Again spread alternate layers of rice, followed by vegetables till it is entirely used up finishing with a layer of rice on the top. Now place the sliced tomatoes over the rice. Warm the milk, add cardamom powder, saffron, rosewater and butter to it and mix well. Pour this over the rice – tomato layer.

Spread the fried onions and fried potatoes over this and bake in a pre-heated oven at 200 C for 15 minutes. You can also steam it on the gas on low flame for 20 minutes. Garnish with coriander leaves.

Serve with mint raita, vadams and papad.

Mint Raita

A good accompaniment to biryanis, kababs, grilled fish etc.
Grind together mint leaves, green chillies, salt and add to whipped curds.

24 January 2007

Ginger Tea

Imagine waking up on cold winter mornings and sipping hot ginger tea…. the aroma of ginger blending with the fragrance of the tea and the warmth of the tea cup in your hands….. Divine isn't it? Ginger tea, ideal for winters, is said to keep away colds, sore throats and fever. It also relieves nausea and aids digestion.

Ginger tea is regular at my place especially in winters. Here's how I make it:

¾ cup water
1 heaped spoon ginger minced
1 tsp tea leaves
½ cup milk
2 tsp sugar

Pound the ginger with a pestle. Heat the water in a saucepan on a medium flame. Add the ginger and let it simmer for atleast 10 minutes till a nice aroma wafts from the saucepan. Then add tea, sugar and milk and allow it to boil once. Simmer for a minute and take off from the stove. Strain the tea into a cup and serve immediately.
My entry to JFI-Ginger hosted by Rosie.

22 January 2007

Green Moong Dal

A powerhouse of nutrition and good health, green moong dal (whole) finds a place practically in all kitchen shelves. Consuming dal with rice or rotis which supplement essential amino acids, enhance the intake of proteins contained in dals. It is easy to digest and also contain traces of vitamins, fibre and minerals.

Finding its place in everyday cooking, this dish is simple to prepare and served with roti.

1 cup green moong dal whole
1 onion chopped finely
1 tsp ginger paste
1 tsp garlic paste
1 small piece of ginger
2 green chillies slit
1 large tomato pureed
1 tsp jeera
½ tsp red chilly powder
½ tsp turmeric powder
½ tsp dhania powder
2 tsp oil
Salt as per taste
Chopped coriander for garnishing
½ tsp garam masala powder
Ghee for tempering

Soak dal in sufficient water for ½ an hour. Pressure cook dal with salt, red chilly powder, turmeric and ginger piece till well cooked. In a pan, heat oil and sauté onions and ginger-garlic paste. Add dhania powder, slit green chilly and tomato puree and sauté till the oil separates. Add the cooked dal and adjust spices, salt and consistency. Heat ghee in a pan, add jeera and let it splutter. Add red chilly powder to this and pour over the dal. Garnish with garam masala powder and coriander leaves.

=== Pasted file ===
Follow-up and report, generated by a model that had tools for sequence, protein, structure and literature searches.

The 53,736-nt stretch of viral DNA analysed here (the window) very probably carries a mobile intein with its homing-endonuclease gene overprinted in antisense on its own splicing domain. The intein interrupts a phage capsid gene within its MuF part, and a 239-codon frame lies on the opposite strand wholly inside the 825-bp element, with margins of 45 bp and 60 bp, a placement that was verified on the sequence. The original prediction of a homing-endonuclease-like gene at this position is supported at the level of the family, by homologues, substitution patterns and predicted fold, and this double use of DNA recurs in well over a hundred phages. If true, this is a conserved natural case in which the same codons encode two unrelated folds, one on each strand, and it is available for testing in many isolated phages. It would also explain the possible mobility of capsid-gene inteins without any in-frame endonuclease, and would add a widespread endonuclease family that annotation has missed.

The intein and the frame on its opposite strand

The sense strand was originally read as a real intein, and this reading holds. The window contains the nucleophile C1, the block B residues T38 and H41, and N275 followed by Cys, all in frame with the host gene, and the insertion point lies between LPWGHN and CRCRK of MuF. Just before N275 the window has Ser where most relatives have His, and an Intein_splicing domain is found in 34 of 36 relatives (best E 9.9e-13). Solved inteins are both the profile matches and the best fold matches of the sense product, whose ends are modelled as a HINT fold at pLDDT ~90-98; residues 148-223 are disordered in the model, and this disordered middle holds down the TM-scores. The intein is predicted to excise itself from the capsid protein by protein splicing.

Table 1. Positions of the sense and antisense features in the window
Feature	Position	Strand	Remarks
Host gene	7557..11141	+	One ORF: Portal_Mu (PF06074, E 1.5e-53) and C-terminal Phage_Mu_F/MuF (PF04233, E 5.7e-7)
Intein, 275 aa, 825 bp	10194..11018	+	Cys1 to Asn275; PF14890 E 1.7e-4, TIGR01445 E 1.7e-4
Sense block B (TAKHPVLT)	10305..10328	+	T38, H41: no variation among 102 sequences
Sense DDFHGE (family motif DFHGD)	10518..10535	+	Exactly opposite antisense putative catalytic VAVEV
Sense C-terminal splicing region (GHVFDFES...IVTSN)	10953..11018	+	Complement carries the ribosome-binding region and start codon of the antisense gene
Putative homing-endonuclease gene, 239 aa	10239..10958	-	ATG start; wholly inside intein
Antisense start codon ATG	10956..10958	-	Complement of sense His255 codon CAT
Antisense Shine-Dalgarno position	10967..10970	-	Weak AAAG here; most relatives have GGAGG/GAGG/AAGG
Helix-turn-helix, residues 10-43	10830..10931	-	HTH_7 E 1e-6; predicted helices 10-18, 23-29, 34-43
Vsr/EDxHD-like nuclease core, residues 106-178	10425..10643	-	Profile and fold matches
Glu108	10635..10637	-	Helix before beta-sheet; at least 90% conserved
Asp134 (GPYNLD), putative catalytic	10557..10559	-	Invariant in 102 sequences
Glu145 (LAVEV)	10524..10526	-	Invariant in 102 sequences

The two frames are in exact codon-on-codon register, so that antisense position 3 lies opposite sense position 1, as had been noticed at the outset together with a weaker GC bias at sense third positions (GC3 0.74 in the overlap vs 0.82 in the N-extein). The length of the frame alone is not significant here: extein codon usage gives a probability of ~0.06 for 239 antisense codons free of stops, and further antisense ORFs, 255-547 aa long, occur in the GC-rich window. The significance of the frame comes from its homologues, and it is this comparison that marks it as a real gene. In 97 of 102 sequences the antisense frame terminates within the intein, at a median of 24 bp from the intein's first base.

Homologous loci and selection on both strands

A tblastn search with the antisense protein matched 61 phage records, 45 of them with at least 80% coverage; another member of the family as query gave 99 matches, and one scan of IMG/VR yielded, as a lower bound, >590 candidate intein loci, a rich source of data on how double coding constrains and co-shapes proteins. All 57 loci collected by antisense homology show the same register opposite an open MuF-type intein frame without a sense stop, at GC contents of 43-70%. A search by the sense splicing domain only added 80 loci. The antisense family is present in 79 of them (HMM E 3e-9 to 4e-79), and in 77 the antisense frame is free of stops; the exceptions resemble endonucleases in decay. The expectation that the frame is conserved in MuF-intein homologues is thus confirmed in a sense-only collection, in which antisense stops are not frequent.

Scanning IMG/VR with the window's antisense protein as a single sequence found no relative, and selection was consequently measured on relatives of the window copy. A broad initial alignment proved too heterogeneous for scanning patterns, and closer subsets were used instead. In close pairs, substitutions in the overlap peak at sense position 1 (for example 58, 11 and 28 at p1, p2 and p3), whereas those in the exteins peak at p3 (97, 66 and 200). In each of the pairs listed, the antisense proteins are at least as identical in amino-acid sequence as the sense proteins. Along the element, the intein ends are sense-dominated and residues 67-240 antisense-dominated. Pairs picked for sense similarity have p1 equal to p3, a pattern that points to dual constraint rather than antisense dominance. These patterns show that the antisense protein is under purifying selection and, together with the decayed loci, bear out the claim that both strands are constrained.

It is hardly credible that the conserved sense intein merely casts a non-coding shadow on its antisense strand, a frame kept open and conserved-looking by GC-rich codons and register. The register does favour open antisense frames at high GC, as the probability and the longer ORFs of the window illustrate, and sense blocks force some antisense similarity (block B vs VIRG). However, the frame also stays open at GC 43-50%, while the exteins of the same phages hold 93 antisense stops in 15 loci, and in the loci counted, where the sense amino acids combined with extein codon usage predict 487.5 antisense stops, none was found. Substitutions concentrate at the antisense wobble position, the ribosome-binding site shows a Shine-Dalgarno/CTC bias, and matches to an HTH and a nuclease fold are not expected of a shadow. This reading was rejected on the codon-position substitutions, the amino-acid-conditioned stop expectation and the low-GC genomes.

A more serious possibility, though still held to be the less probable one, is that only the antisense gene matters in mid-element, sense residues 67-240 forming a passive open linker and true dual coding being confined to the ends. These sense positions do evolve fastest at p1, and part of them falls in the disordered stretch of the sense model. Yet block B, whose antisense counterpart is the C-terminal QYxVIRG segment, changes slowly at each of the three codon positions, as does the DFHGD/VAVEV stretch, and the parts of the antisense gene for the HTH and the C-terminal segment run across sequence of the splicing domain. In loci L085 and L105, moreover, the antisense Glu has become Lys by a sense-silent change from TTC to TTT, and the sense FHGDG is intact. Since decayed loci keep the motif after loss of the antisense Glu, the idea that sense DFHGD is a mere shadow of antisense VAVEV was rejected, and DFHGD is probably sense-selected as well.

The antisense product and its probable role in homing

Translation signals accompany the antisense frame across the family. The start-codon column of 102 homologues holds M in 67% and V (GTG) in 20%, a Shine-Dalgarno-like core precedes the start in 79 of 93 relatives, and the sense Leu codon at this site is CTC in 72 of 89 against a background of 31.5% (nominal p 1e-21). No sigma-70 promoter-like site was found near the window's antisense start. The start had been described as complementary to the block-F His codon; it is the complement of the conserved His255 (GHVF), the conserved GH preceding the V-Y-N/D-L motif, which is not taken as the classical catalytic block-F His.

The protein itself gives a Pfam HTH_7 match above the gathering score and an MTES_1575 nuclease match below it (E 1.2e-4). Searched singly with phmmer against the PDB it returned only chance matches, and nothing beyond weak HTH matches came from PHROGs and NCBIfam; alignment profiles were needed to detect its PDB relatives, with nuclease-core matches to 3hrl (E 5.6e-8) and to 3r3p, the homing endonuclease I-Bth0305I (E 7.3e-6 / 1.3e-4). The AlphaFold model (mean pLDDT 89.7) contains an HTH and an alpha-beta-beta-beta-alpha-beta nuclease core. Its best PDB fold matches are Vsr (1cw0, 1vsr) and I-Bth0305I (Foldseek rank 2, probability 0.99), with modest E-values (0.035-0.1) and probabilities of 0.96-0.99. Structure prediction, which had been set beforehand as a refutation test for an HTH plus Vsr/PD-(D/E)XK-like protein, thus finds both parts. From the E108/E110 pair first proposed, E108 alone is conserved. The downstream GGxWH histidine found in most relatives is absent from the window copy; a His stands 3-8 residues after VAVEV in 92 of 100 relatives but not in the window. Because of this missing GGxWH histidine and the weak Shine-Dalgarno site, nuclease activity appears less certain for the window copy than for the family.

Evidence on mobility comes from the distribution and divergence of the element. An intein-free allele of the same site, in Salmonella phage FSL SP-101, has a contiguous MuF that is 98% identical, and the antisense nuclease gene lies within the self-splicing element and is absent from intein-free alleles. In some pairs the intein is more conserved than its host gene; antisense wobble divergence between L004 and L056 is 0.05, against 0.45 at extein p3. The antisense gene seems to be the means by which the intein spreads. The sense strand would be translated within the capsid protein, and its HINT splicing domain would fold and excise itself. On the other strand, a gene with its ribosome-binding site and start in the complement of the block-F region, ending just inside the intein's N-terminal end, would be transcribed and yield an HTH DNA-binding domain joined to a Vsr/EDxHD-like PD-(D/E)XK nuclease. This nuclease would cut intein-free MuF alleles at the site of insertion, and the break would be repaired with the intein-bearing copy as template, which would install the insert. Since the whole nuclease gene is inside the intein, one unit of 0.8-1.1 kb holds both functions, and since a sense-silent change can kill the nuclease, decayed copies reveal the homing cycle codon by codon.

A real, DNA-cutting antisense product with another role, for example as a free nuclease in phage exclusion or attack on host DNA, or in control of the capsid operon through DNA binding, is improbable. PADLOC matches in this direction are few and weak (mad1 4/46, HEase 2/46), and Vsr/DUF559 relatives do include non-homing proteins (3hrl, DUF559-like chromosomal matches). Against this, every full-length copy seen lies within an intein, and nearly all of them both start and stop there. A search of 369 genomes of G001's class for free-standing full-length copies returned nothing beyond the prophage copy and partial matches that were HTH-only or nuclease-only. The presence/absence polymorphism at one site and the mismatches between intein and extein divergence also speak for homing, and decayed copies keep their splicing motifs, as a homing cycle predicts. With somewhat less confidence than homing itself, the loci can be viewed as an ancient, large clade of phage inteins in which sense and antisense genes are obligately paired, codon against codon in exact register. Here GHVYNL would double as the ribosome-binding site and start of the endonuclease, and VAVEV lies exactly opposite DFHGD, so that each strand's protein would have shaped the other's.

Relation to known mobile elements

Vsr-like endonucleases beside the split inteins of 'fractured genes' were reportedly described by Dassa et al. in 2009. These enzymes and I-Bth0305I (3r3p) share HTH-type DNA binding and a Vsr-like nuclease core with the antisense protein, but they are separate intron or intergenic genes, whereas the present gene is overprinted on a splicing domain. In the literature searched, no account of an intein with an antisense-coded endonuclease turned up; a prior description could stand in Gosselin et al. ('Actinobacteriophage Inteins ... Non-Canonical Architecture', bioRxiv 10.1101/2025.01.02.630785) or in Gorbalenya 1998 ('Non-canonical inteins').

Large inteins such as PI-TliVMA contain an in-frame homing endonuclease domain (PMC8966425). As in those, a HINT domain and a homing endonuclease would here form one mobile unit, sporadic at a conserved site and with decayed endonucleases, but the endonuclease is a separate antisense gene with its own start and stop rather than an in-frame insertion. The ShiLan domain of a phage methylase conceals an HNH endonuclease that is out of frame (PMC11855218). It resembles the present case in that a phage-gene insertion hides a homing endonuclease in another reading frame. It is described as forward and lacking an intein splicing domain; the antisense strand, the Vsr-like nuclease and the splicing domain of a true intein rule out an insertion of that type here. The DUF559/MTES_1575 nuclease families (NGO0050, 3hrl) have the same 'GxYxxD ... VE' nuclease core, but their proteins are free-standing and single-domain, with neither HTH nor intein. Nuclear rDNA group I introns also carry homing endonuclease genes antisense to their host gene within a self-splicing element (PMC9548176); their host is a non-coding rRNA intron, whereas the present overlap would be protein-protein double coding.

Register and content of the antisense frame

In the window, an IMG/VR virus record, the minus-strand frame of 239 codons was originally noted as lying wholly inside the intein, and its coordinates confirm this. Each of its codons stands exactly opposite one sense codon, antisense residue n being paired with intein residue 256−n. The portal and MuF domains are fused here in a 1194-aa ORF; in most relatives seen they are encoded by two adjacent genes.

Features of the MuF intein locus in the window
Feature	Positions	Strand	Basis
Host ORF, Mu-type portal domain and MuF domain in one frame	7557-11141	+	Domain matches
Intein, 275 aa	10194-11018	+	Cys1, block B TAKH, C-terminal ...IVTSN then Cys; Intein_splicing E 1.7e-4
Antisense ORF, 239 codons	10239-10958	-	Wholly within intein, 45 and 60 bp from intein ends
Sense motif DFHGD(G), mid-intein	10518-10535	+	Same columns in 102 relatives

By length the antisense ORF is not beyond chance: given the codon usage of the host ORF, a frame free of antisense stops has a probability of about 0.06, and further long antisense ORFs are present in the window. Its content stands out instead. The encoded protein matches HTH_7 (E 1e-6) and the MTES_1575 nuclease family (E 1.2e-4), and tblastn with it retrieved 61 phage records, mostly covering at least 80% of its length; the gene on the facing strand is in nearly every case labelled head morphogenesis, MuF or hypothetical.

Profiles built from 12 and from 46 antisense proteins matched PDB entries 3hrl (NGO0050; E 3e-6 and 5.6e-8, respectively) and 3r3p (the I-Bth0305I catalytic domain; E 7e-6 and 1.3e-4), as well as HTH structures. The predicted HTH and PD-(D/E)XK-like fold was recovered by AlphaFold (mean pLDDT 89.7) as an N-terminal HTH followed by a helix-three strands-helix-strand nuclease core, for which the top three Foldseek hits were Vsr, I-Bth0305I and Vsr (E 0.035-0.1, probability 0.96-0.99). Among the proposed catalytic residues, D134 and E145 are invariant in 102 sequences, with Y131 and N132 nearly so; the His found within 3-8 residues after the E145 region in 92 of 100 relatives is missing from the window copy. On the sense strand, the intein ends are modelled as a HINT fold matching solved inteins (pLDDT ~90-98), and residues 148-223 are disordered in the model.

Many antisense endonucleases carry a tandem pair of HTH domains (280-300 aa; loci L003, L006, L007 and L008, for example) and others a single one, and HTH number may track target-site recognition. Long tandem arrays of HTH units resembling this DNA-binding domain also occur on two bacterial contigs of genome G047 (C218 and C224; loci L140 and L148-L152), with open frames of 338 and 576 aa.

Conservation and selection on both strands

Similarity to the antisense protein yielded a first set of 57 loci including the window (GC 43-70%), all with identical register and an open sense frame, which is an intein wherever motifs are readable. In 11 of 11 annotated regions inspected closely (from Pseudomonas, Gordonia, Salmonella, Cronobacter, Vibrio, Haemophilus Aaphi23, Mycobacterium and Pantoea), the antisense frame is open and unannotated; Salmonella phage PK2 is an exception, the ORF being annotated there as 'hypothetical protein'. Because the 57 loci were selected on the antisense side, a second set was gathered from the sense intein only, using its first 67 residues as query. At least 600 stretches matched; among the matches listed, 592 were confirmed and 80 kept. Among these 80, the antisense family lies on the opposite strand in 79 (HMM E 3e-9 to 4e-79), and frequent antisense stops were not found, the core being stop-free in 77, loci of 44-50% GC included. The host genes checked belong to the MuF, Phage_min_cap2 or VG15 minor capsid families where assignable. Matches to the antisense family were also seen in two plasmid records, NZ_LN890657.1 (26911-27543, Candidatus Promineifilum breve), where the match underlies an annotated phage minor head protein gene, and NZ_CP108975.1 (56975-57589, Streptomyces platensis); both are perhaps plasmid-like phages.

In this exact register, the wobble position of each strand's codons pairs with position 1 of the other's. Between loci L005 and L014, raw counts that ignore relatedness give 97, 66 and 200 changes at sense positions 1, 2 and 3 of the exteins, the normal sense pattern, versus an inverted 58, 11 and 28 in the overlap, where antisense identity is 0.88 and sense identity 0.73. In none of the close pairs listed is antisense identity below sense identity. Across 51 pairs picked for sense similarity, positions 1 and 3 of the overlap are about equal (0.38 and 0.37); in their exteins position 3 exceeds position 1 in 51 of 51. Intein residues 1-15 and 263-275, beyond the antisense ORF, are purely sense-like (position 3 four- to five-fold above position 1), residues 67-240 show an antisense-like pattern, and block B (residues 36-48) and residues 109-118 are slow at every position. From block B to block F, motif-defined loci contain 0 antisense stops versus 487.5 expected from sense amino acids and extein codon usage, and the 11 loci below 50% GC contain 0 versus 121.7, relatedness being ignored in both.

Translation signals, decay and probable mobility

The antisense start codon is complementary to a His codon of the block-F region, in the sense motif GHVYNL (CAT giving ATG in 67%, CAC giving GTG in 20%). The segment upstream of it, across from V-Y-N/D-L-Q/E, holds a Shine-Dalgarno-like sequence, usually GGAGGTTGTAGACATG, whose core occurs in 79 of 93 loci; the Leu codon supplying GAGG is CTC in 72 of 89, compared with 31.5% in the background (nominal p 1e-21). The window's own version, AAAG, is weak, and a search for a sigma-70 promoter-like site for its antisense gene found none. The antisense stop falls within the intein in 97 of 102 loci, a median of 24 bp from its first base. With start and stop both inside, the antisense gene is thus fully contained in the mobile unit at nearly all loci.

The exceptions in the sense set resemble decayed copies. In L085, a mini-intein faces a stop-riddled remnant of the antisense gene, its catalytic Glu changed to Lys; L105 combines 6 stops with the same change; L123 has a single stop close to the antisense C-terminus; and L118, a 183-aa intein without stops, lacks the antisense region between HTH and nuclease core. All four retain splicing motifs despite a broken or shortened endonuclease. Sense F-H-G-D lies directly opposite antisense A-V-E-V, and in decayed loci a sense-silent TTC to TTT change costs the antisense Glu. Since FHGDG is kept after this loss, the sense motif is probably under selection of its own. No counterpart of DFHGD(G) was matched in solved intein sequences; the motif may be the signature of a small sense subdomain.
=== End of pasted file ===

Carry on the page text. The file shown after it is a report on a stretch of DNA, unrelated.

A twist to the tale : If this dal is left over, heat the dal till it is thick and the water evaporates. On a plate, keep a slice of bread, spread some dal over it, add chopped onions and amchur/mango powder over it. Place one more slice of bread over it to sandwich it and enjoy!!

My entry to My Dhaba's VCC:VCC Q4-2006:FAHC:FAHC-campaign

21 January 2007

Pomegranate juice

Pomegranate is widely used in Middle Eastern and Indian cooking. Pomegranate is a rich source of folic acid and anti oxidants. One pomegranate delivers 40% of an adult's daily Vitamin C requirement. So why not have some pomegranate juice !

Blend together pomegranate seeds, black salt, sugar (if required) and water (if required). Strain and serve cold.

Arbi ki sabzi

Arbi/ arvi/ colocassia/ chembu/ alu is a potato like tuber. Like potato it can be peled and boiled, roasted, mashed, fried in slices or cooked in a stew. The very sight of arbi makes my fingers itch! Its more psychological than real!! But as arbi happens to be one of my husband's fave veggies, I do make it once in a while.

Some people are allergic to arbi, so be sure to rub some oil into your hands before touching the arbi.


1 big onion sliced
¼ kg arvi/ colocassia
1 tsp jeera
1 tsp red chilly powder
1 tsp turmeric powder
1 tsp dhania powder
½ tsp amchur/ mango powder
2 tsp oil
Salt as per taste
Chopped coriander for garnishing

Wash and peel the arbi thoroughly. Cut the arbi into long slices. Peel and cut onion into slices. In a wok, heat some oil and add the arbi and onion and sautee for a minute. Add all the spices and cover and cook on a slow flame. It will be done in 5-8 minutes. Garnish with coriander leaves and serve hot with rotis.

My entry to My Dhaba's VCC: VCC Q4-2006: FAHC: FAHC-campaign

Orange Strawberry Smoothie

What should one do when the fridge is overflowing with strawberries and oranges??? Simple, make a smoothie!

1 cup orange juice
1 ½ cups plain yoghurt
4 red strawberries
Sugar as per taste
½ cup milk
A drop of vanilla essence

Blend all the above ingredients and enjoy!

18 January 2007

Lychee yoghurt

Just what you need to cool off! To make lychee yoghurt, take a handful of lychees, peeled and de-seeded, a cup of yoghurt, honey, sugar, a few ice cubes and blend together. Refreshingly delicious!!

Sindhi Kadhi

Having Sindhi neighbours resulted in my mother-in-law being an ace at making Sindhi curry. This wholesome and nutritious curry is made with easily available ingredients.